FY2016-17 Budget Final

CITY OF DESOTO SOARING FOR EXCELLENCE

OFFICE OF THE CITY MANAGER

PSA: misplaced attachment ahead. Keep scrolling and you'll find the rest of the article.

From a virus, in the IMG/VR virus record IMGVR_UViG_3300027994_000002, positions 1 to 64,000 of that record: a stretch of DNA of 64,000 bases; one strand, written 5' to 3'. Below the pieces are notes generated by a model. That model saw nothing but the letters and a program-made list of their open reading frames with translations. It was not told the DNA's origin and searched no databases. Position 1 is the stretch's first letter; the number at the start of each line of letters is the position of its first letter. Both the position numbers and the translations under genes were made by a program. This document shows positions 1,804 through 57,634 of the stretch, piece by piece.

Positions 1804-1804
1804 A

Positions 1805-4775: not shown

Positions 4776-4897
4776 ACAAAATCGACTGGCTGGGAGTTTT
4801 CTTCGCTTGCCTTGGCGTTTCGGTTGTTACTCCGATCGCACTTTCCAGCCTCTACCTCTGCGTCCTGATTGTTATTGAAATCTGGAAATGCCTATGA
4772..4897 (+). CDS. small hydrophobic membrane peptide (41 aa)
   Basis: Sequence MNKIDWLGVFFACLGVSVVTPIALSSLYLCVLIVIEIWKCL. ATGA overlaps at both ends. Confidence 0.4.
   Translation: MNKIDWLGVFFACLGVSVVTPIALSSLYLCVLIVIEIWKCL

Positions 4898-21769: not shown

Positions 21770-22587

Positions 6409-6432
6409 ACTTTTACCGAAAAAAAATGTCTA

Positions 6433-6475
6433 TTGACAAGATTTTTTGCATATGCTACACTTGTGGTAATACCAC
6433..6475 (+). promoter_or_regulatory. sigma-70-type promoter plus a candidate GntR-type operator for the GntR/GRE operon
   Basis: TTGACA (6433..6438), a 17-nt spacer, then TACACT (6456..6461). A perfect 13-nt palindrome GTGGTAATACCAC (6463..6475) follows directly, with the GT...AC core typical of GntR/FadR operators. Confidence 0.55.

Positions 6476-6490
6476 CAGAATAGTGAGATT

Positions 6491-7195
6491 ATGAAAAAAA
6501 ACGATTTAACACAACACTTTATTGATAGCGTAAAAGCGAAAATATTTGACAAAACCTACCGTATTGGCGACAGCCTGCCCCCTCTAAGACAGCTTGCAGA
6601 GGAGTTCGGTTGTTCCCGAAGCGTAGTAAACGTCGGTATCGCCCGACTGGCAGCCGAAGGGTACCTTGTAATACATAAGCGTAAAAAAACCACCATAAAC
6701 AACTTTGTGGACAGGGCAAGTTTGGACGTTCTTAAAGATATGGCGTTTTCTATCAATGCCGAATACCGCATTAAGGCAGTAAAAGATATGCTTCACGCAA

values and debt service tax rates from FY2006. Despite subsequent years of favorable escalations in certified taxable values, the total tax rate continued to rise except for FYs 2009 and 2010. During the abovementioned FYs, tax rates were intentionally adjusted as a means to remain constant and competitive with surrounding cities. In FY2011 , after a two (2) year hiatus, the property tax rate was increased to support impending debt service payments by .0354 (.7351) and .0223 in FY2012 (.7574). Luckily, there was a strategic plan in place to repress this financial debacle that incessantly pulled at the purse-strings of tax payers. In our unwavering quest to eradicate this relentless cycle, the City was able to maintain its current tax rate (.7574) for another FY while still being plagued with descending property tax values. In spite of these seemingly endless financial challenges, the tax rate remained constant (.7574) for two (2) more FYs (FY2013 and FY2014). In FY2014, property values began to show an upward movement for the first time since FY2009. Interestingly, in FY2009, the City reached its highest taxable property value since being incorporated (1949). In many aspects, the FY2014 budget solidified our reasoning for making those radical changes in leadership and financial practices in FY2011. Without making these vicissitudes throughout the organization, the City would have continued down a path of financial instability. In FY2015, the City experienced another positive gain in its taxable property value ($3 ,017,996,030). Though the taxable property value was greater than FY2014 ($2,877,357,291), it still failed to exceed the community wealth figures from FY2009 ($3 ,064,485,872). Regardless of these economic circumstances, the City was able to retain its current tax rate of .7574 for four (4) consecutive FYs. This progressive financial momentum continued into FY2016, which served as the ending point of our five (5) year economic plan to overhaul a broken financial system. The FY2016 budget was built upon an unprecedented taxable property value of $3 ,130,445,607. Reaching this milestone was truly a gratifying experience for those who had toiled tirelessly over the past (7) years to manage day-to-day operations with limited human and financial resources. It is imperative to understand that the City continued to function with fewer revenues since FY2009. At that time, the taxable property value was certified at $3 ,017,996,030 and it continued to plummet until FY2014 ($2,877,357,291). As a result of the unanticipated growth in taxable property value from FY2014 and FY2015 , the City was finally able to lower its property tax rate by .0075 (FY2016). Throughout this duration of time, the City was able to incrementally mend its financial health by hiring highly qualified professionals for leadership positions and modifying past organizational practices. By incorporating these individuals from the public and private sectors, we were able to collectively find viable solutions to budgetary and operational issues that have progressively inhibited the City from being financially secure. The outcomes from these ongoing

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